The origin of smells and perfumes in history

Smells in history

The transformation of the look at the body was emerging from the middle of the 17th century, with the return of soap and water to cleanliness care, it was noted. It is then accentuated, at an unknown pace, which awaits its historian. She triumphed in the 1750s. The date in no way indicates the sudden start of a new revolution in smells. On the contrary, it marks the moment when the latter definitively imposes itself, at the end of a slow silent maturation.

The mutation is essentially based on the rejection of fragrances of animal origin, with very strong exhalations, whose omnipresence, up to the tips of the gloved fingers, previously invited to a torrid eroticism. In 1693, the perfumer Barbe still gave them an eminent place in his treaty. Then gradually established a real disgust for these very expensive exotic products, often imitated by counterfeiters, whose strong scent had ended up inconvening. We understand it better by remembering that they conveyed emanations more or less close to those of human: died in 1541, didn't the Swiss doctor and astrologer Paracelsus propose a secret to transform the latter into a "civette or western musk".

Published in 1764, the year of the disappearance of Madame de Pompadour, Antoine Hornot's Treatise on Smells, known as Dejean, makes it possible to clarify things. The author points out the decheance of amber and musk, although they are always good that they are always considered as the origin of perfumes in the profession

After strong smells as amber and musk, civette...

To try to restore a little luster to this "almost forgotten" formula, just like its variant, Cyprus water, whose lovers have become rare, perfumer advises to take iris root, storax, rosewood, benzoin flower, citrine sandalwood, Calamus aromatious (odorous jone). Then, "to conform to today's taste, you must completely remove the musk, and put only a few drops of amber quintessence, to better bring out the other smells", those of rose and orange blossom water, added before distillation. Elsewhere, he admits that amber is "in a kind of forgetfulness", but still has his supporters.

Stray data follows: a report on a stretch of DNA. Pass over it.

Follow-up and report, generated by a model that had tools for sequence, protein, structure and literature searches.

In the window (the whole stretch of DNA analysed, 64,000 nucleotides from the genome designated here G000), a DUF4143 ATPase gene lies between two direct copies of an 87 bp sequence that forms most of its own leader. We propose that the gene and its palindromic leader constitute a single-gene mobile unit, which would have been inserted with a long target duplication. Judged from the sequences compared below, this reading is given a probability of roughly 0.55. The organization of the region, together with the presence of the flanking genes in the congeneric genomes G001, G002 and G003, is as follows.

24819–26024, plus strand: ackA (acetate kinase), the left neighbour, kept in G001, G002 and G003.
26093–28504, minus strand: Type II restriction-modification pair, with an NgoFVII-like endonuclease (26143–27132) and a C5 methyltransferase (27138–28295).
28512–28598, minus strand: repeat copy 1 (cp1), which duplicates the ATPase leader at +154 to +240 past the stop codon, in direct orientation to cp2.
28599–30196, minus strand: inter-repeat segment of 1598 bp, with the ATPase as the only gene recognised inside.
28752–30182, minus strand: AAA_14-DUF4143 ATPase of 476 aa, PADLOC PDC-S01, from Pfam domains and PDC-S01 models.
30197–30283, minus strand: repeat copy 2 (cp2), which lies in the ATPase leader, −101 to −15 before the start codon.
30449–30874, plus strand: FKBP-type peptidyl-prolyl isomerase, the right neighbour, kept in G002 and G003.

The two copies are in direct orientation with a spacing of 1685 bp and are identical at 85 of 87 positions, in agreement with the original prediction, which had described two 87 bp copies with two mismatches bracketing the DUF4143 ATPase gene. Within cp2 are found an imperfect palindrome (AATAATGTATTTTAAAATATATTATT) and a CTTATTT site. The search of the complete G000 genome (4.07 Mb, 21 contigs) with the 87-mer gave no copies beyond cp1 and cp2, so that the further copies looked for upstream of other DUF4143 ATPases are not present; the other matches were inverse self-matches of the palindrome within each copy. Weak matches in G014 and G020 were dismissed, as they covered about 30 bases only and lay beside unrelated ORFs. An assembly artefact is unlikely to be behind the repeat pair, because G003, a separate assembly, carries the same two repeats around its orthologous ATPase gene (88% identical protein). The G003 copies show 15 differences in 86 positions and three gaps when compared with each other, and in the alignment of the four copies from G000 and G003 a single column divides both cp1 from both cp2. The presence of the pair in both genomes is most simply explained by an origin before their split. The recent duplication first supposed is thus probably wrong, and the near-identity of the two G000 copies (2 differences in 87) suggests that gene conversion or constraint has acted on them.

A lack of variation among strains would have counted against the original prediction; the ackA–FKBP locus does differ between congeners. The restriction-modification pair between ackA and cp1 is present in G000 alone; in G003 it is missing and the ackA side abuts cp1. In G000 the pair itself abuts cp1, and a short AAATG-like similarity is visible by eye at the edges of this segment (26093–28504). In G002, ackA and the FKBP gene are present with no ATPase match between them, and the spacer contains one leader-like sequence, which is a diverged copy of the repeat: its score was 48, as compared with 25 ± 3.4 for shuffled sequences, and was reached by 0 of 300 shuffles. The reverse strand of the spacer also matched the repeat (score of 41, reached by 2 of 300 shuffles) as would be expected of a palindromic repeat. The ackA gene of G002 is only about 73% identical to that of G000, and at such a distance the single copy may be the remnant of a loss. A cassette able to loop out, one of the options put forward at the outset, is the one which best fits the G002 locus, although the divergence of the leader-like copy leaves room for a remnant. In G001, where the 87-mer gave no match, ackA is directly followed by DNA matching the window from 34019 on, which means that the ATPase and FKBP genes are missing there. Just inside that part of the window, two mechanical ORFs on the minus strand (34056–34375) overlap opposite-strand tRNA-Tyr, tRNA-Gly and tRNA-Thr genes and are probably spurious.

Using civet or musk would prevent it from returning to fashion, while "very little amber brings out the mixtures admirably well", As for the civet, it was still in use "about forty years ago, but since then this smell has lost all its credit, especially in France". The famous milleflower water, which "the ancients" made with cow dung, was subsequently composed with muse, amber and civette. He himself proposes to use only flowers, plus sixty drops of amber quintessence, to produce 8 pints, For a long time, he assures, we have only had orange blossom and rose waters, Now add those of spices, for the kitchen, as well

Than those of bark fruits, widely used by perfumers in their liquid pastes, by liquor manufacturers, by ladies in clean baths, or even to put one or two drops by rubbing their hands.


The revolution of smells

The revolution of smells is obvious. Dejean already proclaimed in 1764 that the trade has become an art, because he frequently designates his colleagues as artists and intended his simplest advice to "amateurs". His curious spirit makes him draw "old" details from the works of Nicolas Lémery or Nicolas de Blégny, which allows him to define the originalities of his time, through a historical vision dating back to the 1680s.

It seems that we can follow him with confidence when he highlights the disaffection for the civette since the 1720s, the loss of interest in the muse and the need to use amber sparingly, as a base note, one would say nowadays.

from the civilization of smells R Muchembled the beautiful letters 2017